Men and women with mental health disorders, across all diagnoses, are more likely to have experienced domestic violence than the general population, according to new research from King’s College London’s Institute of Psychiatry, in collaboration with the University of Bristol. Previous studies into the link between domestic violence and mental health problems have mainly focused on depression, but this is the first study to look at a wide range of mental health problems in both male and female victims.
In this study, funded by the National Institute for Health Research (NIHR) and published in PLOS ONE, researchers reviewed data from 41 studies worldwide. Compared to women without mental health problems, women with depressive disorders were around 2 and a ½ times more likely to have experienced domestic violence over their adult lifetime (prevalence estimate 45.8%); women with anxiety disorders were over 3 and a ½ times more likely (prevalence estimate 27.6%); and women with post-traumatic stress disorder (PTSD) were around 7 times more likely (prevalence estimate 61.0%).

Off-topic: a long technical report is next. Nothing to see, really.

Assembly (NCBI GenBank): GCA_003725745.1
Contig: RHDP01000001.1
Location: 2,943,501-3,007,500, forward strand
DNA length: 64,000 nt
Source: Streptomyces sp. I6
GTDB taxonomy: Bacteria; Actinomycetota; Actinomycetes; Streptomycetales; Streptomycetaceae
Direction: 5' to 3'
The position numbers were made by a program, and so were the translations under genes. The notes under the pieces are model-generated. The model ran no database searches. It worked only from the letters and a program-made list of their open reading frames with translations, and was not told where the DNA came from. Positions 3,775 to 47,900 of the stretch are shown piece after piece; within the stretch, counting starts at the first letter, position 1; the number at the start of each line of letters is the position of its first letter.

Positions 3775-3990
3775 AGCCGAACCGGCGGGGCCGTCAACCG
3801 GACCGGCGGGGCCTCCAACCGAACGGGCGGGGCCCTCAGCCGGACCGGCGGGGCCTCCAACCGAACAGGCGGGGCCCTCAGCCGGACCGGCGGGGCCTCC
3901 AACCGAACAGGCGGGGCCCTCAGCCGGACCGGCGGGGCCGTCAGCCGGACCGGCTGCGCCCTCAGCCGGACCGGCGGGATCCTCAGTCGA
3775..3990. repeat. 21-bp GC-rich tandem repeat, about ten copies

Women with other disorders including obsessive compulsive disorder (OCD), eating disorders, common mental health problems, schizophrenia and bipolar disorder were also at an increased risk of domestic violence compared to women without mental health problems. Men with all types of mental disorders were also at an increased risk of domestic violence. However, prevalence estimates for men were lower than those for women, indicating that it is less common for men to be victims of repeated severe domestic violence.
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